Prize-winning American essayist, novelist and poet Ishmael Reed has compiled into a new book the works of a Japanese woman who has chosen English as her language of expression to explore the themes of racism, sexuality, identity and family. Yuri Kageyama’s poetry and fiction underline her bicultural Japanese and American sensibilities for a challenging view of the everyday that debunks cultural stereotypes and lambastes male domination.
“They’ve called Yuri ‘cute’ often during her life. She’s cute all right. Like a tornado is cute. Like a hurricane is cute. This Yuricane,” Reed writes in his introduction. “Her poems critique Japanese as well as American society. The Chikan. The arrogance of the Gaijin, who, even when guests in a country, insist that everybody be like them. Some are erotic. You might find allusions to Richard Wright, Michelangelo, John Coltrane. Music is not only entertainment but like something that one injects, something that invades the nervous system.”
Yuri Kageyama is a bilingual and bicultural poet and writer, born in Japan, raised in Maryland, Tokyo and Alabama. Her works have appeared in many literary publications, including Y’Bird, Greenfield Review, San Francisco Stories, On a Bed of Rice, Breaking Silence: an Anthology of Asian American Poets, POW WOW: Charting the Fault Lines in the American Experience _ Short Fiction from Then to Now, Other Side River, Beyond Rice, Yellow Silk, Stories We Hold Secret, KONCH, MultiAmerica and Obras. She has two books of poems, The New and Selected Yuri: Writing From Peeling Till Now and Peeling. Her film “Talking Taiko” (March 2010), directed by Yoshiaki Tago, documents her readings and thoughts on art and life. She has collaborated in readings with music, visual art and dance, including an Isamu Noguchi exhibit at the San Francisco Museum of Modern Art. She has translated the words of dancer Suzushi Hanayagi for Robert Wilson’s performance piece “KOOL _ Dancing in My Mind.” She also translated Hiromi Ito's poems. She is a magna cum laude graduate of Cornell University and holds an M.A. in Sociology from the UC Berkeley. She lives in Tokyo .
Eric Kamau Gravatt is a jazz drumming legend, having performed with many artists, including Stanley Clarke, Michael Brecker, Wayne Shorter, Freddie Hubbard, McCoy Tyner, Wallace Roney, Gary Bartz, Ravi Coltrane, Weather Report, John Scofield, Albert Ayler, Don Ayler, Yuri Kageyama, Roberta Flack, Sonny Fortune, Bill Frisell, Woddy Shaw, Derrick Trucks, Roy Hargrove, Bobby Hutcherson, Jackie McLean, Charles Mingus, Donald Byrd, Carlos 'Patato' Valdez, Ladjii Cammara, Booker Irvin, Pharoah Saunders, James Moody, Kenny Dorham, Blue Mitchell, Hank Mobley, Harold Wheeler, Tony Hymas, Donny Hathaway, Paquito D'Rivera, Hino Terumasa, Andrew N. White III, The Milwaukee Symphony, Jimmy Heath, Sam Rivers, Khalid Yasin, George Mraz, Savion Glover and Kikuchi Masabumi. He has taught at the Philadelphia All City Elementary School Student’s Symphony Orchestra, The New Thing Art & Architecture Center and the African Heritage Dancers & Drummers, both in Washington, D.C., as well as lectured at Howard University, Swarthmore College, and the University of Minnesota He lives in Minneapolis and leads Source Code.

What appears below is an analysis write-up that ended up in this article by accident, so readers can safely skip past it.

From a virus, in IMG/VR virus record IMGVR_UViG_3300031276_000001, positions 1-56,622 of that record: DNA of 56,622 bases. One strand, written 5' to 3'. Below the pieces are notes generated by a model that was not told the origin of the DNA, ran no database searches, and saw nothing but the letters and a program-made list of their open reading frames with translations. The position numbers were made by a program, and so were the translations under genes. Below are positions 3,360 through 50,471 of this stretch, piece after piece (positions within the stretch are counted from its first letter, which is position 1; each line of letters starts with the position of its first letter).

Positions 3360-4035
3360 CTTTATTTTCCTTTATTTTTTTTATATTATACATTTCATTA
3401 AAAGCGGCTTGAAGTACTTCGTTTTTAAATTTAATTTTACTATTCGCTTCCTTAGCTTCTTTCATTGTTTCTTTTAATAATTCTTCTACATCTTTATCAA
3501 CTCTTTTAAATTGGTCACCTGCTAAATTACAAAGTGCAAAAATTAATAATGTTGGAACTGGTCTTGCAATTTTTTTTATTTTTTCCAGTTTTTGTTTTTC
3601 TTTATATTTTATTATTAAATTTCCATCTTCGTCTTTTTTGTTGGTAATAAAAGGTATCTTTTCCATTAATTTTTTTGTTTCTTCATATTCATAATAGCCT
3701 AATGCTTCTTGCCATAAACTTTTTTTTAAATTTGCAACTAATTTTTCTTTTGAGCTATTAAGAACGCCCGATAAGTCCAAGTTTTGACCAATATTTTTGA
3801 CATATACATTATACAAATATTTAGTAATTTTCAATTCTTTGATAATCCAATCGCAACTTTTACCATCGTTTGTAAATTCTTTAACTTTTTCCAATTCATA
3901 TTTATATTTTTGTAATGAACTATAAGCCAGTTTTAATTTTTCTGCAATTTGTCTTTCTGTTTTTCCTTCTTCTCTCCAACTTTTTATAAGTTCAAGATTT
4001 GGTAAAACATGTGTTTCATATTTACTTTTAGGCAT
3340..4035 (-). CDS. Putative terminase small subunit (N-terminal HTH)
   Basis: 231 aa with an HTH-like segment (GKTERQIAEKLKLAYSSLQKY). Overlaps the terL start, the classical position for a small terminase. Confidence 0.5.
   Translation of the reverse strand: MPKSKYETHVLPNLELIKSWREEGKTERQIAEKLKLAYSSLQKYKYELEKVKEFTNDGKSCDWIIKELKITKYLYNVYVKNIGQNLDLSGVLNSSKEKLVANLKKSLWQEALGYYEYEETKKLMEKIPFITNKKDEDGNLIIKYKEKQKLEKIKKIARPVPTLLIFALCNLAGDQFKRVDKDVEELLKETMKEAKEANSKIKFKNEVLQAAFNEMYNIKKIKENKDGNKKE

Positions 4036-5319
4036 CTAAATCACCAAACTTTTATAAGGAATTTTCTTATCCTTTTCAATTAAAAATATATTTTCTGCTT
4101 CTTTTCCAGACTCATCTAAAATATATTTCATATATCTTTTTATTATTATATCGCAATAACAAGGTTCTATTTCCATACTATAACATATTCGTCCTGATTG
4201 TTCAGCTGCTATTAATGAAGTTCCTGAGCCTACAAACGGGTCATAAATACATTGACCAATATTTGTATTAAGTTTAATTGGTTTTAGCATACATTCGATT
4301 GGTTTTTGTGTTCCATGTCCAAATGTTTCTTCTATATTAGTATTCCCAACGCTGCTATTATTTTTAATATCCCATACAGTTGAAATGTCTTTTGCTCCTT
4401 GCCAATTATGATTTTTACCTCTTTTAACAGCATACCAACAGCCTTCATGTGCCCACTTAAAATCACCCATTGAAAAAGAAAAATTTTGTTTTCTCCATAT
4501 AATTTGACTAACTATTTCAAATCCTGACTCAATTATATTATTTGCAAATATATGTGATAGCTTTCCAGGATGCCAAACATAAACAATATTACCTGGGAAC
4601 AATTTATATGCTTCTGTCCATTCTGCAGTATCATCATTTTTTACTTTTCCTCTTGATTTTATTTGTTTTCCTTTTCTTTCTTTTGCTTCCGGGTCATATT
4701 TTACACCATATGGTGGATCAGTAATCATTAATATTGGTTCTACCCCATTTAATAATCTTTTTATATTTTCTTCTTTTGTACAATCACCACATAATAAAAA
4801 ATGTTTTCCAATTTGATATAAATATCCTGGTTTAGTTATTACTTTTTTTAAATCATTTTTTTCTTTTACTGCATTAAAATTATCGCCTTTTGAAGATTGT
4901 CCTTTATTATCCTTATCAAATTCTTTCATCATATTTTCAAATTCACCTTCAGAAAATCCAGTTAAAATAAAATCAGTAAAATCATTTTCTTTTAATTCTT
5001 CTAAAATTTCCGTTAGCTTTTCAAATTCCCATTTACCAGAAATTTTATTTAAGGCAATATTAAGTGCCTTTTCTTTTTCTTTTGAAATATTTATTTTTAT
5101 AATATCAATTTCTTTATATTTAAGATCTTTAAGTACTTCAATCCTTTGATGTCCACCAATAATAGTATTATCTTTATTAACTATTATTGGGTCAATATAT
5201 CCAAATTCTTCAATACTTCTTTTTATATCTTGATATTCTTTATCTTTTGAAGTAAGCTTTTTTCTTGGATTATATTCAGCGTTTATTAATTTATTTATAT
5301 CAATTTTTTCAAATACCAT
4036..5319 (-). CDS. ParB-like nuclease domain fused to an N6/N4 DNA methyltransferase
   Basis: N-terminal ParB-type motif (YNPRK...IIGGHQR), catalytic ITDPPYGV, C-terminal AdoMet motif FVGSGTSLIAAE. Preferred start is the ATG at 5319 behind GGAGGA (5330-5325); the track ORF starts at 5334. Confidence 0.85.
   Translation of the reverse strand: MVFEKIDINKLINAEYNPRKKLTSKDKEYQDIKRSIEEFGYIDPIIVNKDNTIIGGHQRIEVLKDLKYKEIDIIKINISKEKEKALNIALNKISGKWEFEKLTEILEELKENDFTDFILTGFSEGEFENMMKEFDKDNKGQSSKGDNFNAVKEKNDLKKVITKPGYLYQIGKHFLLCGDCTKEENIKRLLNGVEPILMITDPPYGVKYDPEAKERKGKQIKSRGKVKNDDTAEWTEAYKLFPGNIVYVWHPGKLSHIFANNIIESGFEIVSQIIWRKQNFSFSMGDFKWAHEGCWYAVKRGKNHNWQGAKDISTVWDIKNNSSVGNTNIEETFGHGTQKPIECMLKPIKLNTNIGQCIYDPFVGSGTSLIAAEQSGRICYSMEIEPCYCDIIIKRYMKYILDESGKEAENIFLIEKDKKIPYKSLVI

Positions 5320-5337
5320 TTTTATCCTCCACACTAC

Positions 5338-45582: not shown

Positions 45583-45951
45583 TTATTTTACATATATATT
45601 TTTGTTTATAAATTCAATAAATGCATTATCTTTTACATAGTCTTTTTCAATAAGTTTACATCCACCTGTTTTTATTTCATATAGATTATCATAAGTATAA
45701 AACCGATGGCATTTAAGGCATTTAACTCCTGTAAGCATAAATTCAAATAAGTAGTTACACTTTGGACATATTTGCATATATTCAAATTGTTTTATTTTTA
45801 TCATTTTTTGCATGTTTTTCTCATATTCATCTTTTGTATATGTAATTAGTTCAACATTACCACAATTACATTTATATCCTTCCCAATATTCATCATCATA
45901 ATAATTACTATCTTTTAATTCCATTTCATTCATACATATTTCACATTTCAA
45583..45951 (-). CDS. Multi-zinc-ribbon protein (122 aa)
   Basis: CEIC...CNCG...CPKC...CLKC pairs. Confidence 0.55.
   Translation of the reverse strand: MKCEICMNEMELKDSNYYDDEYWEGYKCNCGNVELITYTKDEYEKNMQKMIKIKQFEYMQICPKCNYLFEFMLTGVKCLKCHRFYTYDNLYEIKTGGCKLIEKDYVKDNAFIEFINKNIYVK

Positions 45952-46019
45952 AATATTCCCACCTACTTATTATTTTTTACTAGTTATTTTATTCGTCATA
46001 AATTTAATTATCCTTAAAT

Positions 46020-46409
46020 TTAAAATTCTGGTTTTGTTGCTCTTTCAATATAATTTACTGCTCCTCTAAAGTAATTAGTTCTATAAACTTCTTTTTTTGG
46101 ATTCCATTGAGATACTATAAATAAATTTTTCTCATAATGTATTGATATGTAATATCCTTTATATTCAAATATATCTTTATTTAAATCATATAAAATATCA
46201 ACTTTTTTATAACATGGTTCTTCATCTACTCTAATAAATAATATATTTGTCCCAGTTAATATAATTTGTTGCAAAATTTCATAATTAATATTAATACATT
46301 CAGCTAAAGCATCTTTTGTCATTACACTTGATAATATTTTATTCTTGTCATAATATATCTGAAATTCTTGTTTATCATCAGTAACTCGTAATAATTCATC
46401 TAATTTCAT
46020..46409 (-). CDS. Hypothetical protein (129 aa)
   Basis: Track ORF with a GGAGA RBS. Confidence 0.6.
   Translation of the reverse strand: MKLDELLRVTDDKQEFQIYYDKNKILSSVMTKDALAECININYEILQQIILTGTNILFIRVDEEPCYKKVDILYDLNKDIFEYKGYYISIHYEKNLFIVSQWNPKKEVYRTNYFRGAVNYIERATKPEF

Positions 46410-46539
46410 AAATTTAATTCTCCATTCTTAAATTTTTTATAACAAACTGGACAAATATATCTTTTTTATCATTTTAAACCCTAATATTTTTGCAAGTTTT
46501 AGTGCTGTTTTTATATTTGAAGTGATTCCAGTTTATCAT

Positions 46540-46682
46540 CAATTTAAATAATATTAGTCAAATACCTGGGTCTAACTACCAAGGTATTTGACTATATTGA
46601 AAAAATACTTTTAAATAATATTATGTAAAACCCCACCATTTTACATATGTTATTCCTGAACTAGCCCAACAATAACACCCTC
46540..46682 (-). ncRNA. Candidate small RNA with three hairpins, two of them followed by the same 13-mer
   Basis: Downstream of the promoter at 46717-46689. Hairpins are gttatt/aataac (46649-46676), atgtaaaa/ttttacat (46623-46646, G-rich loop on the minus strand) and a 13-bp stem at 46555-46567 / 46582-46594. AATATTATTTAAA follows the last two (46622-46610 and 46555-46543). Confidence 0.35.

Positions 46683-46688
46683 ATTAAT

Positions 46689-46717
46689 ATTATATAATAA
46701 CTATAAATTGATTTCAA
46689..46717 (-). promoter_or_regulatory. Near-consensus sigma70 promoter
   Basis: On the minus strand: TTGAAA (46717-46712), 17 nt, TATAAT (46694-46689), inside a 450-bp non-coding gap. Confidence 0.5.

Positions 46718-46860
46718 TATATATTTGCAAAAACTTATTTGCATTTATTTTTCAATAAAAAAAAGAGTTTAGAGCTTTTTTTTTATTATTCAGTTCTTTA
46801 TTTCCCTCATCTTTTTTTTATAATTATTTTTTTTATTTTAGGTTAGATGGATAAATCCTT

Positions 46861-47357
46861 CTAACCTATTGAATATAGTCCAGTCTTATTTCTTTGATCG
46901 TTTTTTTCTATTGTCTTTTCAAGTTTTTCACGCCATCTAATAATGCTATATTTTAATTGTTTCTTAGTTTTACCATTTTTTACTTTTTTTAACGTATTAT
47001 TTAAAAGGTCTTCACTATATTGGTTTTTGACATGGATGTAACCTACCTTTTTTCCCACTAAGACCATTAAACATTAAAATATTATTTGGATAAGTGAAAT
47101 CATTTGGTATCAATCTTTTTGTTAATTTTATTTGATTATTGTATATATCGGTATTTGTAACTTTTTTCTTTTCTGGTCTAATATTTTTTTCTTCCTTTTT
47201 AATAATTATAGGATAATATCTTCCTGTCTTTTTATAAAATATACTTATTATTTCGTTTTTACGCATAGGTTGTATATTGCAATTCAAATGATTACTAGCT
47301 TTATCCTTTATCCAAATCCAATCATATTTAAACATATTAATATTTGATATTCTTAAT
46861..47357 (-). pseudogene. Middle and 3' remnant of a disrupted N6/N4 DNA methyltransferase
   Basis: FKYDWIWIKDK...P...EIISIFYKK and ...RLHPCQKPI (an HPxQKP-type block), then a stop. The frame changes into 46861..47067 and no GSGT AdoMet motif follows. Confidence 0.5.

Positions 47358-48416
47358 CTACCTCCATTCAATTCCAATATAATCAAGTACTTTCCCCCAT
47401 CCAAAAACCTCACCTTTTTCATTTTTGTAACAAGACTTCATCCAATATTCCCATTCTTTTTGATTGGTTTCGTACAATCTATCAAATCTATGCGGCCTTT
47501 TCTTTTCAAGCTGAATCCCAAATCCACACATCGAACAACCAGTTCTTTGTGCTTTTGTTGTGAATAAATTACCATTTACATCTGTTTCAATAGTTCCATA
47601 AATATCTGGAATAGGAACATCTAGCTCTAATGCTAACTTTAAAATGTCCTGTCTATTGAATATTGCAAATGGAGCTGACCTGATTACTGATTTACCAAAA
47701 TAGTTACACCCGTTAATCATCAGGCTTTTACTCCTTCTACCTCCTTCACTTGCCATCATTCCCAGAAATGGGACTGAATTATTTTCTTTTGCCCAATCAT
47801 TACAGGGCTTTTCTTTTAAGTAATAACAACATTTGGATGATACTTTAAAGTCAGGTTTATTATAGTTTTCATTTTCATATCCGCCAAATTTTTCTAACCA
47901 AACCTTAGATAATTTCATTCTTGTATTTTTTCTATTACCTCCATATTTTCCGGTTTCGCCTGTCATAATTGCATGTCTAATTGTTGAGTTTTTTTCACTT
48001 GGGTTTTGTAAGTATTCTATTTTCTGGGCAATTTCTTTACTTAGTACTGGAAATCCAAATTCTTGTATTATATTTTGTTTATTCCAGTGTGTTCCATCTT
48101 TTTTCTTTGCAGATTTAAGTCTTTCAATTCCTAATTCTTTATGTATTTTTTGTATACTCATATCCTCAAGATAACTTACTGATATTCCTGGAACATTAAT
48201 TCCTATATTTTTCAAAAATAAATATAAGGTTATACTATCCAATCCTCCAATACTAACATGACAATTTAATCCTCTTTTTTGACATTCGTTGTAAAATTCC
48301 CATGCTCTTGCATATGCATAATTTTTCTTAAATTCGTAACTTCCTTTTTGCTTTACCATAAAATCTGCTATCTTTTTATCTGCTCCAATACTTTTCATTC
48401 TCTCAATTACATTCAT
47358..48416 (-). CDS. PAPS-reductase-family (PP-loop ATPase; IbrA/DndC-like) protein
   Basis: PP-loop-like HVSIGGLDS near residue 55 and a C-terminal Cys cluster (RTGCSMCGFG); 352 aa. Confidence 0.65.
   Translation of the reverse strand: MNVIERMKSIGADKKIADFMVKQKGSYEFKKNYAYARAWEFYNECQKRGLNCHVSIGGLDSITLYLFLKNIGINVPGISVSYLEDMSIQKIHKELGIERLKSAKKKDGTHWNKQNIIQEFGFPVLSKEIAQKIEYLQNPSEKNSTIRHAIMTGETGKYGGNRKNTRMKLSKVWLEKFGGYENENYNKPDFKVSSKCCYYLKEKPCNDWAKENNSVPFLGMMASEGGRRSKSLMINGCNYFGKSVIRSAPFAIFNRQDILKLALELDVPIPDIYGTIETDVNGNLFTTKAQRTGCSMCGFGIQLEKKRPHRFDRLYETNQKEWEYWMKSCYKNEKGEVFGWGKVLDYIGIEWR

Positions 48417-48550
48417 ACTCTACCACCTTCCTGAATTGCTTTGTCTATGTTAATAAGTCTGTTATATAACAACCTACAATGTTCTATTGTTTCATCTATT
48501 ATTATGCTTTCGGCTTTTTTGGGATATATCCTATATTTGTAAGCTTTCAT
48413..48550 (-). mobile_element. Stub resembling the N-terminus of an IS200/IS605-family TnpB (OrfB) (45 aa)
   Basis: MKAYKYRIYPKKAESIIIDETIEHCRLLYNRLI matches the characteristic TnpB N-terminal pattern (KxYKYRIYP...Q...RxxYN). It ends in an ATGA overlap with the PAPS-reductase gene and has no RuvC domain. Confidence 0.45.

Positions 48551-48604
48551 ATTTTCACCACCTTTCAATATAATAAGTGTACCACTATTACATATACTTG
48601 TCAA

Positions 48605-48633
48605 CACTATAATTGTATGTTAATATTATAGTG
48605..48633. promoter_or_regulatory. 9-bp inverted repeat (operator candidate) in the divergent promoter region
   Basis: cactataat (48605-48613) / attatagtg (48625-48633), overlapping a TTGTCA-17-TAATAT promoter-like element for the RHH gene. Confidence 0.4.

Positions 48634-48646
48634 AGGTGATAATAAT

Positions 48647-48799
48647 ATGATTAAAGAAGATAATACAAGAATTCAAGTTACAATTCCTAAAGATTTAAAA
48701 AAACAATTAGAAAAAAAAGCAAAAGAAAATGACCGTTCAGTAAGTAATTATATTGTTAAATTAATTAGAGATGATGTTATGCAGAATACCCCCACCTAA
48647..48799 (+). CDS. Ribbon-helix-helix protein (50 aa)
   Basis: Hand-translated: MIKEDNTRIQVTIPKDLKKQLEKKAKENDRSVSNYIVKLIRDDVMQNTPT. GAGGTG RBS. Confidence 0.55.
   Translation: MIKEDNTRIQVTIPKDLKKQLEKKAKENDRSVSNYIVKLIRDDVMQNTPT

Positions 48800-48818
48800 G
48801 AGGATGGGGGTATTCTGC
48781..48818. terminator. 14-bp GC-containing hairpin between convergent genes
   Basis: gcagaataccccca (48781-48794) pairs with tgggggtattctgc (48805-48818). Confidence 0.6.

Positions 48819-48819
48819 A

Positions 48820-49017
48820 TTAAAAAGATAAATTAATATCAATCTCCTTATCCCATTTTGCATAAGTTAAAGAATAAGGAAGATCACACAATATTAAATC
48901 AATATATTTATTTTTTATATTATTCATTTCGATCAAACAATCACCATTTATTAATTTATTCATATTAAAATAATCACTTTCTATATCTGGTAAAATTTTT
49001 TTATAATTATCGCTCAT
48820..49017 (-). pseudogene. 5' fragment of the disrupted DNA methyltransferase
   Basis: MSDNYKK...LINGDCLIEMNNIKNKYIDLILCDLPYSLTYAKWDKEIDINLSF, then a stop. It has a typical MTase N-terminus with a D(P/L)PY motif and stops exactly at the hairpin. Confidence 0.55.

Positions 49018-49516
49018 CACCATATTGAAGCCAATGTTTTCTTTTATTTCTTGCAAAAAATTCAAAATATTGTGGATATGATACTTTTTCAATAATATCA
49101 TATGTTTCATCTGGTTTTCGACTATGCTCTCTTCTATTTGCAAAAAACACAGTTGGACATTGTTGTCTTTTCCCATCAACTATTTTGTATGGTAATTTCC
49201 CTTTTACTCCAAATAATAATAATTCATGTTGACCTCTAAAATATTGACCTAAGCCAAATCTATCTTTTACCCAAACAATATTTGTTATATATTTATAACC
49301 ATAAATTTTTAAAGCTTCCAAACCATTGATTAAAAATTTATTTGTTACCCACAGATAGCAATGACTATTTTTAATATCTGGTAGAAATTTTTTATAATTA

Isaku Kageyama is the principal drummer for top taiko ensemble Amanojaku, in Tokyo, where he studied taiko under composer and Amanojaku founder Yoichi Watanabe from the age of six. He has also blended taiko with other genres to claim a place in the modern art scene for the traditional Japanese drum by leading his fusion trio Hybrid Soul, his extensive collaborations with Winchester Nii Tete, a percussionist from Ghana, and featuring taiko in creative club events for the young in Tokyo. He has played with Toshinori Kondo, Amelia Ali, Seijiro Sawada, Kazutoki Umezu, Kyosuke Suzuki, Chris Young, Pat Glynn, Craig Harris, NATA, Kansai Yamamoto, Yuu Ishizuka, Shintaro Sendo, Terumasa Hino and Takashi Yanase. He is a two-time National Odaiko (large drum) Champion. He was the youngest player to win the honors at the Mr. Fuji Odaiko Contest in 2000, at 18. He won the Hokkaido title in 2003. He has taught taiko in Brazil, where Amanojaku has repeatedly visited to instruct its taiko style. He lives in Boston and is studying at the Berklee College of Music.